Skip to content

Oral Argument Recap – Atlanta Oculoplastic Surgery v. Nestlehutt

September 15, 2009

This morning, the Supreme Court took up the case of Betty Nestlehutt, a woman who received a jury verdict of $1.165 million after her medical malpractice case went to trial.  The total award was reduced to $465,000 after Georgia’s caps on noneconomic damages (a maximum of $350,000) were factored in.  Fulton County Superior Court Judge Diane Bessen ruled the caps, a signature part of the Georgia Tort Reform effort (also known as Senate Bill 3), unconstitutional and entered the full award.

The oral argument at the Court was marked by the surprising lack of questions from the Court (a total of only 16 over the 40 minutes of argument).  While the discussion also delved deep into the minutiae of whether certain causes of action originated with common law or statute, the main issue remained clear: can the legislature require a trial court judge to reduce damages in cases of harm to an individual?  This is a lengthy summary, but hopefully a helpful one, for a key case in the Court’s term:

Atlanta Oculoplastic Surgery was represented by Jonathan Peters and former Georgia Supreme Court Justice Normal Fletcher.  Peters noted that he was defending a law not many lawyers and judges like.  He also noted there was a dearth of law on this subject, which he said could mean two things – either the law was so obscure as to be off the map, or it was so obvious that it did not require many decisions.  He contends the latter is the reason for the lack of case law in this area.

The trial court rejected the caps on noneconomic damages on two grounds: (1) violation of the right to jury trial provisions of the Georgia Constitution, and (2) violation of the Equal Protection provisions of the Georgia Constitution.  Peters argued the Constitution and the Supreme Court have traditionally granted wide latitude to the legislature to change the right to jury trial with a changing society, as long as they do not remove it.

The Court explored the limits on punitive damages it upheld, and whether the right to jury trial would be considered a hollow right under the appellant’s interpretation.  One of the key questions came from the Court to both sides: could the legislature eliminate all noneconomic damages if it chose to do so?  Peters sidestepped the question, by arguing the that this limitation should be considered in the context of the legislative history, which found that the average noneconomic award was $250,000.  Peters also argued that the equal protection argument had no merit, because the Georgia Equal Protection clause is the same as the federal Equal Protection clause.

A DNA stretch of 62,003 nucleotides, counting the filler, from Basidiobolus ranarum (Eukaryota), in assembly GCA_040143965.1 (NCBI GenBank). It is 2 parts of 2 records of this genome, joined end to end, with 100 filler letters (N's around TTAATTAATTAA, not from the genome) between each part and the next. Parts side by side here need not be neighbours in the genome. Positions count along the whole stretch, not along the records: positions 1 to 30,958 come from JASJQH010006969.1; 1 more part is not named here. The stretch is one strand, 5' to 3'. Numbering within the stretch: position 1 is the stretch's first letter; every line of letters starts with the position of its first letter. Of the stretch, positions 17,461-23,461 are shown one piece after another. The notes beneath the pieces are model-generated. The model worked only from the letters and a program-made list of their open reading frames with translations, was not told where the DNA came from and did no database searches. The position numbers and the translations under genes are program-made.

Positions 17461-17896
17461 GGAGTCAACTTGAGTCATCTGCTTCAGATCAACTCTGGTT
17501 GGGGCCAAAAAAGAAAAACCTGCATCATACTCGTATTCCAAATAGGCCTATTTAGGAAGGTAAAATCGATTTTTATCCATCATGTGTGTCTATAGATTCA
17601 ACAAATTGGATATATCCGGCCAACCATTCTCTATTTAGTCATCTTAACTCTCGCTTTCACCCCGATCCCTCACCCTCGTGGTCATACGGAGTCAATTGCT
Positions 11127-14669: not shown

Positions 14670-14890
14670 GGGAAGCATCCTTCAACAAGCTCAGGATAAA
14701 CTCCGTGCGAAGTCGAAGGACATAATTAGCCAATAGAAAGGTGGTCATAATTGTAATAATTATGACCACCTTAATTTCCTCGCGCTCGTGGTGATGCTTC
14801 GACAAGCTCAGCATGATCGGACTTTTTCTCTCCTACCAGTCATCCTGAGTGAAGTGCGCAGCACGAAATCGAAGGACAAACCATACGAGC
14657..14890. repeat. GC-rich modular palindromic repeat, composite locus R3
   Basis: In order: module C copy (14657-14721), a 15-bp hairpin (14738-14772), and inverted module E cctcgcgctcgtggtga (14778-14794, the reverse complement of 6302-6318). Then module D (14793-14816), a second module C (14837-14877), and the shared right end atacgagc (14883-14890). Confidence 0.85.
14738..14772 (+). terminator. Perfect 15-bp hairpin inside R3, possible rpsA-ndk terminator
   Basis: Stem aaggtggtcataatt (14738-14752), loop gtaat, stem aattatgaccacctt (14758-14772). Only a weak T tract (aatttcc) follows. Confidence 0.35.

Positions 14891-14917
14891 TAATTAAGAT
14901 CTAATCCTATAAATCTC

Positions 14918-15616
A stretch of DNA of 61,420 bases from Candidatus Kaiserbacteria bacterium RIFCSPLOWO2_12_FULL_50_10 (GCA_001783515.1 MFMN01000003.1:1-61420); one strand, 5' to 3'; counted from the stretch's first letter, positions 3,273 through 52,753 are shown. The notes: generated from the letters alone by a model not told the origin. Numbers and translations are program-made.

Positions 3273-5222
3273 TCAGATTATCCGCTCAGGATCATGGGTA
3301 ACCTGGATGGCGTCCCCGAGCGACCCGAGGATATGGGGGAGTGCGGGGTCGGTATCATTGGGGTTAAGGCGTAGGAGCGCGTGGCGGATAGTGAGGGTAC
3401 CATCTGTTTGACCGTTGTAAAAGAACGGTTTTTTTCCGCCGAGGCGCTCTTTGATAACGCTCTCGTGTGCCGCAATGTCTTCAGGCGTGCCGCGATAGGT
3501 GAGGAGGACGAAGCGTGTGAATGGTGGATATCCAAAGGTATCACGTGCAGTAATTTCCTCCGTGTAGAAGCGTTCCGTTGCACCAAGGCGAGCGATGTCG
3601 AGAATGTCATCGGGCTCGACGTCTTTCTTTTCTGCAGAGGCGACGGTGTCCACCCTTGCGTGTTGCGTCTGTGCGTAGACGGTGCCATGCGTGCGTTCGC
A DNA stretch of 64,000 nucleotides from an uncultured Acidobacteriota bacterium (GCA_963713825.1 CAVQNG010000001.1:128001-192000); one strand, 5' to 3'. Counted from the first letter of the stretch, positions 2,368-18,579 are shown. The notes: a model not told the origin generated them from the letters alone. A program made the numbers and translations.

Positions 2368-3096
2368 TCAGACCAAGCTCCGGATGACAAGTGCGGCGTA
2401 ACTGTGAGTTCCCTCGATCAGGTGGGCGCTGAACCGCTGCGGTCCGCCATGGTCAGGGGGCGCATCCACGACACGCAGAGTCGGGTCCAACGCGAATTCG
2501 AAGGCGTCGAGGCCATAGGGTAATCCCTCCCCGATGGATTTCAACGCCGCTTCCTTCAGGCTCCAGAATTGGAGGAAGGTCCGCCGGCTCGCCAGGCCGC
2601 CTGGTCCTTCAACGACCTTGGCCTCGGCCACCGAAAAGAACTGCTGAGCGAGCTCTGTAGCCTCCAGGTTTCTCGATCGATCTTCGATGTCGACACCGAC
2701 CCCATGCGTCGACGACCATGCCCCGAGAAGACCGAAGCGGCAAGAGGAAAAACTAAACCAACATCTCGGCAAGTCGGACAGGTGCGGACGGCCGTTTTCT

Michael Terry argued for the appellees, Mr. and Mrs. Nestlehutt.  Terry argued that the legislature invaded the exclusive province of the jury to set awards and the exclusive province of the trial court to review awards when it imposed the $350,000 cap on noneconomic damages.  Courts have traditionally held that only the “enlightened conscience” of the jury can determine pain and suffering damages, and that finding of the jury can only be disturbed by the judiciary.

Justice Nahmias asked specifically for authority that damages cannot be restrained by some prior rule.  Terry cited a number of cases saying the jury determines damages, and said the only way the jury finding could be altered was by a court’s review.  Terry distinguished the Court’s allowing limits on punitive damages by saying punitive damage findings by the jury are advisory to the trial court, they are quasi-fines, and are a windfall to an otherwise-compensated plaintiff, unlike noneconomic damages.  Justice Nahmias appeared to dismiss these as good “policy arguments,” and also raised the right of a defendant to a jury trial, questioning whether treble damages or additional interest limited that right.

Terry argued that treble damages are limited only to statutory causes of action, and are still related to the jury award, because they are based on the award.  Asked by Justice Carley on the question of whether the legislature can eliminate noneconomic damages completely, Terry agreed, saying that is exactly what the appellant argued in its brief, in essence providing the basis for the legislature to eliminate any common law claim and stop the civil justice system if it chose to do so.

Terry closed by arguing the caps constitute a blatant violation of the separation of powers and the power of a court to grant a new trial.  He also argued the right of remittitur (reduction of a jury verdict by a judge) was not granted by the  legislature, but predated the first Code in Georgia.

Justice Nahmias explored one other area, questioning whether the worker’s compensation system and no-fault insurance allowed for “rationing justice.”  Terry argued that the trade-off was always to an individual – a faster resolution of their case – and that the legislature could not give the quid pro quo to society at large.

In rebuttal, former Chief Justice Fletcher said that no case law says the legislature can place no limit on damages.  He also cited case law related specifically to the creation of remittitur in statute, and hesitation by courts to use the power before given the statutory right.  The former Chief closed by saying the Court would open Pandora’s box if they declared the caps unconstitutional.


Comments are closed.

%d bloggers like this: